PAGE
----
John Stanley was born in London on 17th January 1712. At the age of two he had a fall at home which resulted in near-total blindness. He began studying music at seven, and did so well that by the age of nine he was playing the organ at All Hallows, Bread Street. When the chief organist died two years later, Stanley was voted in as the successor, and was given a wage of £20 per year. When he was 14 he beat many talented candidates to become organist at St Andrews, Holborn, and at 17 was the youngest person ever to obtain a BMus degree at Oxford. In 1734 he became the organist to the Society of the Inner Temple, and kept that position for the rest of his life.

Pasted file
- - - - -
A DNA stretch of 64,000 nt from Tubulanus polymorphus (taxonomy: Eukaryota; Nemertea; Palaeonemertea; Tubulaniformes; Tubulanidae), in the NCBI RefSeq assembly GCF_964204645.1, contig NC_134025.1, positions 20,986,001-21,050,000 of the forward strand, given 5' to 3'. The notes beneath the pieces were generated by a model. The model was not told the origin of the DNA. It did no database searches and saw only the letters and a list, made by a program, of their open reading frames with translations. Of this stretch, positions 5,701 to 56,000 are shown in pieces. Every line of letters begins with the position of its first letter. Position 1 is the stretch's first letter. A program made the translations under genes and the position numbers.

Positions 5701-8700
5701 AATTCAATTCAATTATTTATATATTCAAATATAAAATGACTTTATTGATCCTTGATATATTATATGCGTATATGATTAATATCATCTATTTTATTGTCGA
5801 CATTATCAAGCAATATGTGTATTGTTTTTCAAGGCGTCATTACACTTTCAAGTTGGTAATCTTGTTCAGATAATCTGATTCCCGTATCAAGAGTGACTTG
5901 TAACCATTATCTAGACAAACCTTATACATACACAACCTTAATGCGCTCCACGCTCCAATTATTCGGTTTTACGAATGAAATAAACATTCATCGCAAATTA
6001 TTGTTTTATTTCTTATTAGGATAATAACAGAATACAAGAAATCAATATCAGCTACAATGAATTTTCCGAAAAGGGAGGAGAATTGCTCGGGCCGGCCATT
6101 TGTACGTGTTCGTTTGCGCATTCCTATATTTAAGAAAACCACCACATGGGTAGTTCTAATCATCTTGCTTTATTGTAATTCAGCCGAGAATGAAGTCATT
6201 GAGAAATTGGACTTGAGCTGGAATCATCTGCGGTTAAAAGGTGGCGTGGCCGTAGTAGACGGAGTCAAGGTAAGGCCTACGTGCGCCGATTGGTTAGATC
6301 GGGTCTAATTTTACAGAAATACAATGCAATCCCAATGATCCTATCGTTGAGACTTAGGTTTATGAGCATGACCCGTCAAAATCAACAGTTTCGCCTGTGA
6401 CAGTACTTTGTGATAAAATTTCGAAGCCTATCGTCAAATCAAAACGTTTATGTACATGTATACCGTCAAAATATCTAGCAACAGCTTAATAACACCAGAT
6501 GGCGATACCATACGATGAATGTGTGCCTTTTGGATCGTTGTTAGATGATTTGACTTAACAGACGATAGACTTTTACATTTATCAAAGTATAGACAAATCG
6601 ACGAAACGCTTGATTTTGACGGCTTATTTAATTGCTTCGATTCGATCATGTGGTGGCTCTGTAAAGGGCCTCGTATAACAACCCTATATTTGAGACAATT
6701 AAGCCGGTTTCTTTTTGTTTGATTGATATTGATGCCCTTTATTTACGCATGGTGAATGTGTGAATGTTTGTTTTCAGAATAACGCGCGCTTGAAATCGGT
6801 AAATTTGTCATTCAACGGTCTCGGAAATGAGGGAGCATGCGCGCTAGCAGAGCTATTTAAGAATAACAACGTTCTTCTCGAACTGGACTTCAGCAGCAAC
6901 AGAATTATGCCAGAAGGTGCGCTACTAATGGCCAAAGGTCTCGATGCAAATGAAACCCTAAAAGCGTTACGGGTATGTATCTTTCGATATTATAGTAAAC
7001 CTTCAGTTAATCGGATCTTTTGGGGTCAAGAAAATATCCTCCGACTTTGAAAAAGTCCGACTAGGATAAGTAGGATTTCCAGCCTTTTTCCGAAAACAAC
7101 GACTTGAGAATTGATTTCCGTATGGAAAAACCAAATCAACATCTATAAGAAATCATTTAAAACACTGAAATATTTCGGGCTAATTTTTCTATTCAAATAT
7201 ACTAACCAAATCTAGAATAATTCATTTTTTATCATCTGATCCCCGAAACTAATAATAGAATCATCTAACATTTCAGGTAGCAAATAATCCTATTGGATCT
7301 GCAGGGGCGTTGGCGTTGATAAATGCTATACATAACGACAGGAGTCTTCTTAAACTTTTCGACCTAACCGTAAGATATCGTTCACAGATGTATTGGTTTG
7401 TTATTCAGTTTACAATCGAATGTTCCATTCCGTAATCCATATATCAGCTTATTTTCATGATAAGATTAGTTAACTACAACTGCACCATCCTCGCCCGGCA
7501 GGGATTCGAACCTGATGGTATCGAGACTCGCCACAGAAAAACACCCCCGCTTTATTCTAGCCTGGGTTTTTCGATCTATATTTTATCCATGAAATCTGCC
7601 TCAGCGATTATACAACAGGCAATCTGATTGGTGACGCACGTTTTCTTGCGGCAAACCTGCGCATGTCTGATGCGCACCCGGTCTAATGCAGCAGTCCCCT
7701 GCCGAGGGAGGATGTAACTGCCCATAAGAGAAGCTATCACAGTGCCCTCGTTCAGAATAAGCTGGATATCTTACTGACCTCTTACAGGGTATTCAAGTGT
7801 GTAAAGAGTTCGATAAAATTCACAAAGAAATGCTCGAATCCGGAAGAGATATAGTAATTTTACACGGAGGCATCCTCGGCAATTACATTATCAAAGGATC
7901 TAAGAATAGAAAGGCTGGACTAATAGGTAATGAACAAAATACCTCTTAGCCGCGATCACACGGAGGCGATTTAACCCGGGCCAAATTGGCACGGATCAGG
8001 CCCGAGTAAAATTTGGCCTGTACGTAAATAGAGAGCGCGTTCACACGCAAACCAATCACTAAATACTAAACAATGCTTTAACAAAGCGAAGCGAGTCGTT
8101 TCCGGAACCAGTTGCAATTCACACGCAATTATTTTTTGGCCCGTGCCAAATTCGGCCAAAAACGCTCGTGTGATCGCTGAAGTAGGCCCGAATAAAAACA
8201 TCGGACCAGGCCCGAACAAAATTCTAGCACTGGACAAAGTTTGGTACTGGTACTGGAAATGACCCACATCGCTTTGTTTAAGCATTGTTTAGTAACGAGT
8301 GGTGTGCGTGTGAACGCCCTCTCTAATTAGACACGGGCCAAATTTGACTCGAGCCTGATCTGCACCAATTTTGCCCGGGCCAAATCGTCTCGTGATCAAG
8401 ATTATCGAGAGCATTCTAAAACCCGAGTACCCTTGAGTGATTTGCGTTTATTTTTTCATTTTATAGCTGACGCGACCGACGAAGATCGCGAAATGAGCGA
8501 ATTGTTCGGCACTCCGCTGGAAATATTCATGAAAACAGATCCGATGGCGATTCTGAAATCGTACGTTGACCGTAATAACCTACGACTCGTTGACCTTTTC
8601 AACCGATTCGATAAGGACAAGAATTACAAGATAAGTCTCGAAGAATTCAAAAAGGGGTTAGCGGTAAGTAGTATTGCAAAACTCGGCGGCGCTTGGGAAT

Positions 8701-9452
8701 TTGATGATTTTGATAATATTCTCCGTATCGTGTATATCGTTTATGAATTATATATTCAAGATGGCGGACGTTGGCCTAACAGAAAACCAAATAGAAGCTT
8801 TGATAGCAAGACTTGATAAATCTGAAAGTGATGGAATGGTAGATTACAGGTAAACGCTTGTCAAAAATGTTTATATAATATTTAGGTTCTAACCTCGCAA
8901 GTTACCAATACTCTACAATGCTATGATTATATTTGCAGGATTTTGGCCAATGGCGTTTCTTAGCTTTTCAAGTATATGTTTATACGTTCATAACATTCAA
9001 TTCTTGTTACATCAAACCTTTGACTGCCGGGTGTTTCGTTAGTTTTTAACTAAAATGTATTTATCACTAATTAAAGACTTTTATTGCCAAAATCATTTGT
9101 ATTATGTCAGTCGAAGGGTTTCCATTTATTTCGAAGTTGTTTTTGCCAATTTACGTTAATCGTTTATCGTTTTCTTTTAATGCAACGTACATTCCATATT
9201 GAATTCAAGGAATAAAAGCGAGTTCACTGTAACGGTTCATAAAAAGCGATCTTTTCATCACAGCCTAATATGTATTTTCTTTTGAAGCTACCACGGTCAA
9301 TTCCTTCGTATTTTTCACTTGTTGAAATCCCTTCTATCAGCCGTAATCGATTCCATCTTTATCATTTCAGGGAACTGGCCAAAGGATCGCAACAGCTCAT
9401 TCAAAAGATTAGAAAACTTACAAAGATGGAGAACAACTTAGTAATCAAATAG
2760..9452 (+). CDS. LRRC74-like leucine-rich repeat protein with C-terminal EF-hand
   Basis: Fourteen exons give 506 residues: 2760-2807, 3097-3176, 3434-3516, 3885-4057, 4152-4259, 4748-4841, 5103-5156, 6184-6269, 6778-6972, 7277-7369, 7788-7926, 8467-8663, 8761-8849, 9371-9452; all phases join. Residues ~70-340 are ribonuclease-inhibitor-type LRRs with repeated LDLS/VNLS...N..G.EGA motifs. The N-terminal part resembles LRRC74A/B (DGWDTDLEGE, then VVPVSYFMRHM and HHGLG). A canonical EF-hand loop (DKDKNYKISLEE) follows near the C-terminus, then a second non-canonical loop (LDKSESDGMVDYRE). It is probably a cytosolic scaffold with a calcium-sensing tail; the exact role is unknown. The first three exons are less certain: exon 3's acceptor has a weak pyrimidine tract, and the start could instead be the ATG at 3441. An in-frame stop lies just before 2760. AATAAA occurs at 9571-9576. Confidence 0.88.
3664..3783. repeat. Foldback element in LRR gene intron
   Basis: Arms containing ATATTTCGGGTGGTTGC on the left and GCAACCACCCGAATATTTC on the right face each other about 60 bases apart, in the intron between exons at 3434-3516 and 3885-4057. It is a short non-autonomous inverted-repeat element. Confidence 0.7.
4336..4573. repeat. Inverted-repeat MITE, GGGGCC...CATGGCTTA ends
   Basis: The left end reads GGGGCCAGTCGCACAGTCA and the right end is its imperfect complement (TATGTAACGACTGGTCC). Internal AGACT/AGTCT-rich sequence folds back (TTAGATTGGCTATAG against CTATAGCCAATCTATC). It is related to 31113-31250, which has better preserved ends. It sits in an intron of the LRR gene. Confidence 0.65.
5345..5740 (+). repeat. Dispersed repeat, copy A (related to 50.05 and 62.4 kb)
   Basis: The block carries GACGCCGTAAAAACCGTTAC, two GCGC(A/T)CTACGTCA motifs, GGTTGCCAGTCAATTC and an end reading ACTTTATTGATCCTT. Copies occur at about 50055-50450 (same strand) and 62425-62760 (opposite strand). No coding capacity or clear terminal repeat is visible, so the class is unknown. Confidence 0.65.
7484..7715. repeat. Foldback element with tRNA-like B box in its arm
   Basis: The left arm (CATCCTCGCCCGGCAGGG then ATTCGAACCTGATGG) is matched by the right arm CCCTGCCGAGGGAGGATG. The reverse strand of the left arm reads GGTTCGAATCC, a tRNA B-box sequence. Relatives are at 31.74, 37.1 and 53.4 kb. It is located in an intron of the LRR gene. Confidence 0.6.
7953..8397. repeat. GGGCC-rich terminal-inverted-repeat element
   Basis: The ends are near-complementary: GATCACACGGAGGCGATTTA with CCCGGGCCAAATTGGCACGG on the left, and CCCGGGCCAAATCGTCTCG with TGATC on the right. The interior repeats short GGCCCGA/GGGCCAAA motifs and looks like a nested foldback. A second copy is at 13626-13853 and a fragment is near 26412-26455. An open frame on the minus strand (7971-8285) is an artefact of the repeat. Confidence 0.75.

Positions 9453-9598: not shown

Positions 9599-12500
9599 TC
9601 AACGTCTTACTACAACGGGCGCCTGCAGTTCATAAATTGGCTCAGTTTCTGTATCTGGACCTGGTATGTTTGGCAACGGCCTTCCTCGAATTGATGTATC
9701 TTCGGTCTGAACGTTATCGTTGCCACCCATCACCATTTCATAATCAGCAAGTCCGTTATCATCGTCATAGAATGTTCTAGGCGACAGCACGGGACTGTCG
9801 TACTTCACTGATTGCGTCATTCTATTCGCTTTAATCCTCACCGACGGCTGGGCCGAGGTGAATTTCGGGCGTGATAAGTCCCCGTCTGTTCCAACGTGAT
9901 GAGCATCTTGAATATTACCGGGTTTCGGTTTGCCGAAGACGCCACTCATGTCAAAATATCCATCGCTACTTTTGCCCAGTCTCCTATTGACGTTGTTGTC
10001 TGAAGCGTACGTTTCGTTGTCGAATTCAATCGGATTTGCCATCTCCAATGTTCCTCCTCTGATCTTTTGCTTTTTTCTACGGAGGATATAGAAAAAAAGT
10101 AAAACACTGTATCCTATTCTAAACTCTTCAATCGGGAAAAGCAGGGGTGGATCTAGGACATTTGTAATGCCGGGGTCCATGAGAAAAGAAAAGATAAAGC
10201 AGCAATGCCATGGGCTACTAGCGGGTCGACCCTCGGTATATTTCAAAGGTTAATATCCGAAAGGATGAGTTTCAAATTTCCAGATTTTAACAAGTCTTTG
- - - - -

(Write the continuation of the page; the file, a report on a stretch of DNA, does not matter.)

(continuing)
Works that survive include several sets of Voluntaries for Organ, concertos for strings and Organ, cantatas and solos for flute and continuo. His performances were very popular, attended by great musicians including Handel. Published works were reissued several times.
Stanley was a man of remarkable talent, not only musically. He had a faultless memory, allowing him to remember people from their voices, beat his friends at cards, and take visitors on guided walks around Epping Forest despite having never seen the landmarks he pointed out. His reputation as a singular individual was enhanced by the fact that every hair on his body fell out for no obvious reason at around age 70. He died at home on May 19th 1786.
Related composers: Handel